I’ve dreamed of a bicycle sound system for years. I’ve tried several, even jury-rigged a few of my own, but always ended up discarding them ‘cause they sounded lousy, fell apart, or were just a hassle to deal with. But two trends might make decent cycle-sound systems possible.
First there’s Bluetooth, which lets you stream MP3s, Internet radio, and podcasts from your smartphone. Then there’s the recent explosion in relatively high-quality miniature sound systems like the Soundmatters FoxL and the Jawbone Jambox.
The $99 NYNE Multimedia NB-200 is one of the first Bluetooth speakers designed specifically for cycling. Its driver layout—two 1.5-inch drivers with a 3- by 1.5-inch passive radiator—is somewhat similar to that of a FoxL. While you can get a bike mount for the FoxL, the NB-200 was designed from scratch as a bike speaker. The enclosure has slots that match up with a couple of handlebar clips.
It also has control buttons—play/pause, track skip forward and reverse, volume up and down—designed for quick, easy tapping to minimize the amount of time your hands spend off the grips. There’s a speakerphone, too, so you can annoy the hell out of your riding mates by carrying on loud phone conversations about trivial matters during your rides.
Of course, you can use the NB-200 just as you would any other small Bluetooth speaker: Haul it around the house, take it to the beach, or drop it into a suitcase and carry it along on trips.
My main ride is a recumbent trike, which isn't a particularly relevant testing platform, so I decided to bring the NB-200 with me on a trip to my parents' house in Texas and strap it to the handlebars of the Globe three-speed comfort bike I keep in their garage. The curved handlebar proved a slight challenge for the NB-200, because I couldn't quite get its dual mounting clips to sit flat, but I was able to wiggle the unit onto the mounts without too much trouble. I mated my Samsung Galaxy S III with the NB-200, got my playlist of test tracks going, slipped the phone into my seat bag and hit the road.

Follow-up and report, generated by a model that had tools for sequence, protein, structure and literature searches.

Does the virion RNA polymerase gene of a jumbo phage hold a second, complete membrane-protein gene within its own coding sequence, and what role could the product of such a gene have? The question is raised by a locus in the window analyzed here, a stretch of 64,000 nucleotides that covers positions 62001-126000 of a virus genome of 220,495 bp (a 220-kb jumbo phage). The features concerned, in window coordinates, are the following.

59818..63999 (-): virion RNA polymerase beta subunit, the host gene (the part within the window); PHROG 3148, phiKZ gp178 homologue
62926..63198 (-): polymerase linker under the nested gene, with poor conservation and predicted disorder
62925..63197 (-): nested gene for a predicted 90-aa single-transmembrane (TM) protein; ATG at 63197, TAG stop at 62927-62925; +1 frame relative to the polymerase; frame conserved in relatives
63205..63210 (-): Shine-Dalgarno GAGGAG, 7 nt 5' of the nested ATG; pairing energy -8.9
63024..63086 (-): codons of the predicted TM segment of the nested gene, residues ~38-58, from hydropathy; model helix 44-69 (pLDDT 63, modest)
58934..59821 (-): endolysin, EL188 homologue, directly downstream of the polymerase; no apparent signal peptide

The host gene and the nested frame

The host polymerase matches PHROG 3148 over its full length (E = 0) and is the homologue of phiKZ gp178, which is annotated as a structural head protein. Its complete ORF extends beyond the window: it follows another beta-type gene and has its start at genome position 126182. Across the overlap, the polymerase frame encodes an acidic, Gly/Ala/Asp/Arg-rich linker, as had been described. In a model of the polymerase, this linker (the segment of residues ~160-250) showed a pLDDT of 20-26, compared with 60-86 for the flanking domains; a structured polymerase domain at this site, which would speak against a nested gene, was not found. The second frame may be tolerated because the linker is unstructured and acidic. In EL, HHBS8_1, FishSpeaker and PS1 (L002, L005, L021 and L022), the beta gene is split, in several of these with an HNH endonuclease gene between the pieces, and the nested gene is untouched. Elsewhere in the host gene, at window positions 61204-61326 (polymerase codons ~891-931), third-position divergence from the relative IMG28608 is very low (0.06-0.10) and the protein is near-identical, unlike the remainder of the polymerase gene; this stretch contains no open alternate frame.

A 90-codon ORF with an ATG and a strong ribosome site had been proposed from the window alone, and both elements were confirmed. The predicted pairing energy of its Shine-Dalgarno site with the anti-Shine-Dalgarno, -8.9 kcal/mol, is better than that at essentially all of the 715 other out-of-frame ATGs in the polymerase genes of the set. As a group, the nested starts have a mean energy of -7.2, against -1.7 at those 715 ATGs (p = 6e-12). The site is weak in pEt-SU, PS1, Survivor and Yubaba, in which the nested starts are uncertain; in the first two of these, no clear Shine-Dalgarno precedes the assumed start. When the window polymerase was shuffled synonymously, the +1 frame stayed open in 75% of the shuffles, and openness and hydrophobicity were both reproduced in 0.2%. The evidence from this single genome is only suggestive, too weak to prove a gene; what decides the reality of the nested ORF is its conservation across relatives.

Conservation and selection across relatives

I was surprised at how much I enjoyed playing the NB-200 while riding around the gated golf community my parents live in. The NB-200 sounded pretty good and produced plenty enough volume. I especially liked that I could hit the NB-200's controls so easily; adjusting the volume, in particular, was easy even when I was riding at 18 mph. The unit sounded surprisingly smooth, with nice voice reproduction, fairly clear treble, and just a touch of bass to keep the sound full.
But playing a bike speaker in a golf community, where the only traffic you confront is an occasional luxury car or golf cart, isn't too challenging. So I hopped onto FM 1093, a nearby two-lane country highway. (In Texas, the "FM" stands for "farm to market.") Now I was being passed every 20 seconds or so by cars, pickups, and even 18-wheelers. Yet the NB-200 still played loud enough—although only just loud enough—to be heard over the traffic. I have to say I got an otherworldly kick out of playing Miles Davis's 1971 fusion classic A Tribute to Jack Johnson while riding past cattle ranches and the muddy Brazos River. I could definitely get used to this Bluetooth bike speaker thing.
NYNE bills the NB-200 as "water repellant." I didn't get a chance to ride through a rainstorm with it, so I put it in the kitchen sink and splashed some water on it for about 1 minute. It kept playing, although it got quieter as the water bogged down the drivers. It also skipped tracks on my phone a couple of times, without me pushing any buttons. When I lifted it and turned it over, quite a bit of water drained out of the enclosure, which was disconcerting. So while I'd speculate that the NB-200 can survive light drizzles, I wouldn't recommend riding through the kind of hellish downpours they get in Louisiana or southeast Texas. But who rides in that kind of weather, anyway?
Brent Butterworth and Geoff Morrison combine their years of gear testing and knowledge in one überblog of irreverence and techiness.
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